One of the objectives of the new European legislation is to take stronger action against illegal online sales of veterinary medicinal products, including a general ban on offering prescription medicines online.

Veterinarians themselves sometimes also resort to the unlawful off-label use of veterinary medicines registered for other species when, for example, a licensed therapeutic alternative is available in Belgium.

This article therefore takes a closer look at the exceptional circumstances that allow a veterinarian to use a medicine for other animal species and/or indications than those included in the official SPC.

The cascade system: possibilities and conditions

Due to the limited supply of licensed medicines for pigeons, veterinarians are sometimes forced to administer medicines outside the stipulations of the SPC. This is legally possible within the cascade or waterfall system (Royal Decree of 14 Dec 2006, Articles 230 and 231). The waterfall system offers the attending veterinarian the possibility of deviating from the strict use of medicines registered in our country. Thus, on the one hand it is possible to use a medicine for another animal species or for a different disorder, while on the other hand, a veterinarian can also prescribe a veterinary medicine that is authorised in another European Member State, a medicine for human use and even a magistral preparation.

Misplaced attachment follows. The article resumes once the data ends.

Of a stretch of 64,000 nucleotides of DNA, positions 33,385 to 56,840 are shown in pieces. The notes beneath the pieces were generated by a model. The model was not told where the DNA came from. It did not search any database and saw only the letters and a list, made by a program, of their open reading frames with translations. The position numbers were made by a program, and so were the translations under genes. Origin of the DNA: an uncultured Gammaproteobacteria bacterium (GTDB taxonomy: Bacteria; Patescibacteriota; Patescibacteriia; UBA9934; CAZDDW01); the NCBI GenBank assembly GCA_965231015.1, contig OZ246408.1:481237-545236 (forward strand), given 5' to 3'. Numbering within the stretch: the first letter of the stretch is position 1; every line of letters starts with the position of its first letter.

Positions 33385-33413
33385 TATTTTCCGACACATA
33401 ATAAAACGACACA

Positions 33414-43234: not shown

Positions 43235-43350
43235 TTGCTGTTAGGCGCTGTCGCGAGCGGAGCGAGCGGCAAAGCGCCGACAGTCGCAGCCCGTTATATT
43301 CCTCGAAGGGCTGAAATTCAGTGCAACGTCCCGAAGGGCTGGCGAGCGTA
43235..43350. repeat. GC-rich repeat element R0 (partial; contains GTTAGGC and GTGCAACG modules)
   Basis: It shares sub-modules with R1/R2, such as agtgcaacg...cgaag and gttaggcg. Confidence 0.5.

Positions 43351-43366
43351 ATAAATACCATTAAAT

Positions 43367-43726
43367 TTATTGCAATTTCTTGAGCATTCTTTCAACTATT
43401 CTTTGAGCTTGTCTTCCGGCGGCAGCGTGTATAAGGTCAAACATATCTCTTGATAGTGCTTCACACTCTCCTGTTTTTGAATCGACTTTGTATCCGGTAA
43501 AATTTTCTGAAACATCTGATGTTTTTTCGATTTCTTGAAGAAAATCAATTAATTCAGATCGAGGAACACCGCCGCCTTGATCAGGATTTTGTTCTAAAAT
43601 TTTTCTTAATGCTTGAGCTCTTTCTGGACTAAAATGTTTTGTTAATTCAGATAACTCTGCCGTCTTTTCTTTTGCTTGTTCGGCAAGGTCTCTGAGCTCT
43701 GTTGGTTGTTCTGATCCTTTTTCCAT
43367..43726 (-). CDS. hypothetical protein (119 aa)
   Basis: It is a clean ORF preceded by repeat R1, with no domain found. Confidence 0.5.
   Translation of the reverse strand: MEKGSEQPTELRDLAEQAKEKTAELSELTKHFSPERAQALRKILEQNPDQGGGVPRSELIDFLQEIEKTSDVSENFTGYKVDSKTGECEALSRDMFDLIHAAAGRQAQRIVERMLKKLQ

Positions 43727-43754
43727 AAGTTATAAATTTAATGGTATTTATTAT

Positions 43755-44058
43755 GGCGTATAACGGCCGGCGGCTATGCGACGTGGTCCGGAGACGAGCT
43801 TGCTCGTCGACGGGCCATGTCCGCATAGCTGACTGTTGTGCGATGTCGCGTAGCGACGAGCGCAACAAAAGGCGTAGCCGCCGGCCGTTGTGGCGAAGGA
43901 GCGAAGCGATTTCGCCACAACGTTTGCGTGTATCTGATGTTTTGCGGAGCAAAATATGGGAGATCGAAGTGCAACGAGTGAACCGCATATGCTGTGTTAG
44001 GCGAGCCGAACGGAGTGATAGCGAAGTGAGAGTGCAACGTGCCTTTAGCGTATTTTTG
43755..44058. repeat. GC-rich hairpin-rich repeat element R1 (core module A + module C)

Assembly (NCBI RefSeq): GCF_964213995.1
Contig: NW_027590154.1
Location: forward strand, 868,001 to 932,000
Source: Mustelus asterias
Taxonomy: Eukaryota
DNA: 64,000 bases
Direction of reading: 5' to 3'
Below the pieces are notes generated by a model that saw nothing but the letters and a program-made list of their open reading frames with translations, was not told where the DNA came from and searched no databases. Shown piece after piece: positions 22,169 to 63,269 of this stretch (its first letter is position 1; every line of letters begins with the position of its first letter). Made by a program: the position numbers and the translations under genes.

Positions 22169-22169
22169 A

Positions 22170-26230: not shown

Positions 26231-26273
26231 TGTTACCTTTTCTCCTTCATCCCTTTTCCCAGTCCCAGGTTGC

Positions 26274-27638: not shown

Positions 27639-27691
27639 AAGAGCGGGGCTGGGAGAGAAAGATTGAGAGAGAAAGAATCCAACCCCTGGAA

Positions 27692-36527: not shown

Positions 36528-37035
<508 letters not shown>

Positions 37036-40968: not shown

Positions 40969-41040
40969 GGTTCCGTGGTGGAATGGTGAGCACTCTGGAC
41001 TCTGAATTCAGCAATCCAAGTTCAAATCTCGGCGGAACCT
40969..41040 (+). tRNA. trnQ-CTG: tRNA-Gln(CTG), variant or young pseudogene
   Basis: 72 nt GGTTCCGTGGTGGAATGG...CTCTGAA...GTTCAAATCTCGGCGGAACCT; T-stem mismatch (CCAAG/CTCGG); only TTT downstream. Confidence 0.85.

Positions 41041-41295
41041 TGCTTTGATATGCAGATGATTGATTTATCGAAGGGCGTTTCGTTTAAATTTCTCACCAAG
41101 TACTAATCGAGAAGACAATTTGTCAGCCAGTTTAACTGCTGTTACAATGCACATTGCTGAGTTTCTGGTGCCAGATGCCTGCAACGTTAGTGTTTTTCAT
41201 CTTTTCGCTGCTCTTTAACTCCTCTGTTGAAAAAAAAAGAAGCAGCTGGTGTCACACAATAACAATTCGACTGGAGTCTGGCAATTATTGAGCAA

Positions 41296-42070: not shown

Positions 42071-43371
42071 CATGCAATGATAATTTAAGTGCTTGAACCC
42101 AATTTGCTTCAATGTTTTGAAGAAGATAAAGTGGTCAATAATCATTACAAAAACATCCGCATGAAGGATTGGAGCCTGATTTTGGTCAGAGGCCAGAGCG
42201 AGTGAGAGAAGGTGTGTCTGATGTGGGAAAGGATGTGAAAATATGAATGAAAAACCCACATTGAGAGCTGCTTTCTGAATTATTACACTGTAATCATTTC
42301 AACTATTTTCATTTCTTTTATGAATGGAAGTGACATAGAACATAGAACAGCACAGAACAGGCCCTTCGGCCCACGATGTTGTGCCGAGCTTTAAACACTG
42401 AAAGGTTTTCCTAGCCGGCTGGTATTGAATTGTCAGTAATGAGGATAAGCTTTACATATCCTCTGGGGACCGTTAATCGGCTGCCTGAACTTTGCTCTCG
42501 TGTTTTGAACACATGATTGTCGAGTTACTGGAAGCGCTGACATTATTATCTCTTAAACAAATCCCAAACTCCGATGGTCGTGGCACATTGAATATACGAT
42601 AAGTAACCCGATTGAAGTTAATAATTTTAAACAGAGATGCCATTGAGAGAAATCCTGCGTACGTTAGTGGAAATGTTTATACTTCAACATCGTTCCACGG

• Veterinary medicines authorised in another European Member State. To be able to use these medicines, the veterinarian must place the order with a licensed wholesaler-distributor or a pharmacist.